Lammie’s Story

A sense of belonging and companionship is known to greatly enhance the wellbeing of any living creature. Lammie, our resident Pedi sheep at HERD, has been a hero in providing this love and support to our baby elephant orphans, taking her role of devoted surrogate mother very seriously.

Lammie first became part of the family at HESC in 2014, where she was an “animal mom” to numerous orphaned rhinos and a few elephants too. Pedi lambs make excellent surrogate mothers, as they accept any animal as their own.

The Thaba-Manzi Pedi breed of sheep are known for their exceptional mothering skills, and often very protective of their young, having no fear against predators. They are very resilient animals and very rarely get sick. As you can see by Lammie’s body shape, they have a signature fat tail, where they store most of their fat. We love how Lammie has a cute bend and curve in hers!

This unique sheep quickly became a worldwide phenomenon as people fell in love with the incredible bond between her and her first adopted child, Gertjie, an orphaned rhino at HESC, staying by the little animal’s side continuously. While she began her role of motherhood as a resident companion to baby rhinos at the centre, she was soon introduced to her first young orphaned elephant – little Shawu. At first, she did not know what to make of the tiny animal and its curiously long nose, but proving her undeniable, natural motherly instincts, she quickly adopted Shawu as one of her own.

Lammie was an essential friend to Mopane at HESC and during the orphaned calf’s short time with us at HERD, from the moment the elephant arrived, providing an unconditional motherly touch and support for an animal in need.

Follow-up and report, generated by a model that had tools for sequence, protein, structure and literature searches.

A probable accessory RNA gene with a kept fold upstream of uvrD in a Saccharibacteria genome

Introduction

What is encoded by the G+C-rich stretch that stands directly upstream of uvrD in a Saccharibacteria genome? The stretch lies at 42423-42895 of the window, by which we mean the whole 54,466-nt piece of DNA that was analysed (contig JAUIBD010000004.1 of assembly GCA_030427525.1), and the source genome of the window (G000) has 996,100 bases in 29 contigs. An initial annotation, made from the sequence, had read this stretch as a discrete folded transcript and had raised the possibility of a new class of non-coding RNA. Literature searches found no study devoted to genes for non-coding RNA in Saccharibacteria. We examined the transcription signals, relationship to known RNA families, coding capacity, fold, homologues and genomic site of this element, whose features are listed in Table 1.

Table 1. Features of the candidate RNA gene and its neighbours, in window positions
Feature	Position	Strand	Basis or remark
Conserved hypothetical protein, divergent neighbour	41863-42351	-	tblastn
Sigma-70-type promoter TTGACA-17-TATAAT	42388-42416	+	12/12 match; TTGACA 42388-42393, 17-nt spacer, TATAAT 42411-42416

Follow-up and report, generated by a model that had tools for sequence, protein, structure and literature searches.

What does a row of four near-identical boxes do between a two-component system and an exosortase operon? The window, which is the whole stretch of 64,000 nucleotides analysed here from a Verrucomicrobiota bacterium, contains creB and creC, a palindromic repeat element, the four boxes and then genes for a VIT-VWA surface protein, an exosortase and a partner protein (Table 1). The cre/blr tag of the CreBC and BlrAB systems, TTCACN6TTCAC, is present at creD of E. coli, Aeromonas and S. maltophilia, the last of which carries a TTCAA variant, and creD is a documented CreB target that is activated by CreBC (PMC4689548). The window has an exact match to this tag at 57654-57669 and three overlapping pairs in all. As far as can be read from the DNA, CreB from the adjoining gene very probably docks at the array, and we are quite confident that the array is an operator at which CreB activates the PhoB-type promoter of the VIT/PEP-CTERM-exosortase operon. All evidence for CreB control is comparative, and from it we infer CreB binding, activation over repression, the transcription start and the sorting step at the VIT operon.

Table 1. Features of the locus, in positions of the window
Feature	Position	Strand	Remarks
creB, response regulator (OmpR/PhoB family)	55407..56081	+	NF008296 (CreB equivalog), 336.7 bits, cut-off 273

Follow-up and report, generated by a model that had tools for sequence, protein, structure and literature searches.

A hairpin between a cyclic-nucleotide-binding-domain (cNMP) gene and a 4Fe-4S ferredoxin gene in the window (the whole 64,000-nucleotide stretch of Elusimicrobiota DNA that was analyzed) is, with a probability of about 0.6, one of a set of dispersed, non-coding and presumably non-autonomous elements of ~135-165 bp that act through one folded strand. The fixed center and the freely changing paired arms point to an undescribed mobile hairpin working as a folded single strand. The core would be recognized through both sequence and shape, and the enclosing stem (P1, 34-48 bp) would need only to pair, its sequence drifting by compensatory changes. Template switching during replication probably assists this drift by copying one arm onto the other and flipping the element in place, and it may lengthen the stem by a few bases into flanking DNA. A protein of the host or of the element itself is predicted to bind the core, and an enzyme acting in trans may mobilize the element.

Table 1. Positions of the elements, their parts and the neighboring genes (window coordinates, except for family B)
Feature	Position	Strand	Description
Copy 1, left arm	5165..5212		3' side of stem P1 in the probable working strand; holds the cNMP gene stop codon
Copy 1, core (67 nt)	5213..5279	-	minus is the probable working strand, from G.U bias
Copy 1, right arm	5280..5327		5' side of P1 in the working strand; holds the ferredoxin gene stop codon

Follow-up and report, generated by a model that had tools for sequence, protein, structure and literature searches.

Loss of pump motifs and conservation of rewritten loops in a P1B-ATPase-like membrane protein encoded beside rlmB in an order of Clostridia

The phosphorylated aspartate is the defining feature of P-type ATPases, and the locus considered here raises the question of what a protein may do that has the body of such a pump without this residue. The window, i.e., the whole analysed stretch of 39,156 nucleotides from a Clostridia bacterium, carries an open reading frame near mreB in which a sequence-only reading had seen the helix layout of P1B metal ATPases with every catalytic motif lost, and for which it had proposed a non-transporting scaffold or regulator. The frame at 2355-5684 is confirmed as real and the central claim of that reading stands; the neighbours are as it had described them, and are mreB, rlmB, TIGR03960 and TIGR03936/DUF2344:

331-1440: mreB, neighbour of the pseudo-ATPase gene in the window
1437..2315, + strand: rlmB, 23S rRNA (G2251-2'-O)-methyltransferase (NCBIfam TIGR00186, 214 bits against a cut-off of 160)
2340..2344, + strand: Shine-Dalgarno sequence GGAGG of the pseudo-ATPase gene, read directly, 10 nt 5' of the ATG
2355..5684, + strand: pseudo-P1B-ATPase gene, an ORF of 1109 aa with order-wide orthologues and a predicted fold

Lammie continues to step up to her duties as surrogate mother to the elephant orphans at HERD. That she and the orphans are a different species makes no difference to them. Her endearing nature has been a great source of comfort for little Khanyisa since the orphan arrived at the orphanage, teaching us daily about true compassion.

She can be found walking, running, playing, eating and sleeping beside her new child, Khanyisa – a helicopter parent if ever there was one, but one that we greatly appreciate and owe so much to.

Foster Lammie
Born

2014

Gender

female

Lammie the Legend

Your fostering helps us to provide for your foster animal’s needs! This includes our essential and sizable team of dedicated animal carers who care for, support and protect the herd day and night. During the day, the carers walk with the herd through the bush for 12 hours, enabling them to roam, forage, swim, sand bathe and play in the wilderness, while at night the homestead provides safe shelter with the carers’ accommodation alongside the elephants. Our team see to the cleaning of the homestead, land management, dam maintenance, and so much extra work behind the scenes.

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View other Sheep

Nungu the Nurturer

Female | Born: 2013

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We rely on incredible people like you to keep us going. Every cent counts, and no contribution is too small. HERD relies on public funding to cover the operational costs to care for and support elephant orphans and the rescued herd, so we really appreciate your support.

Elephant Tales Blog

Want to hear the latest and greatest stories about what the elephants are up to? No two days are the same, and they always amaze us with their distinctive personalities and acceptance of one another. Follow us this way for all the latest stories of what’s happening at HERD.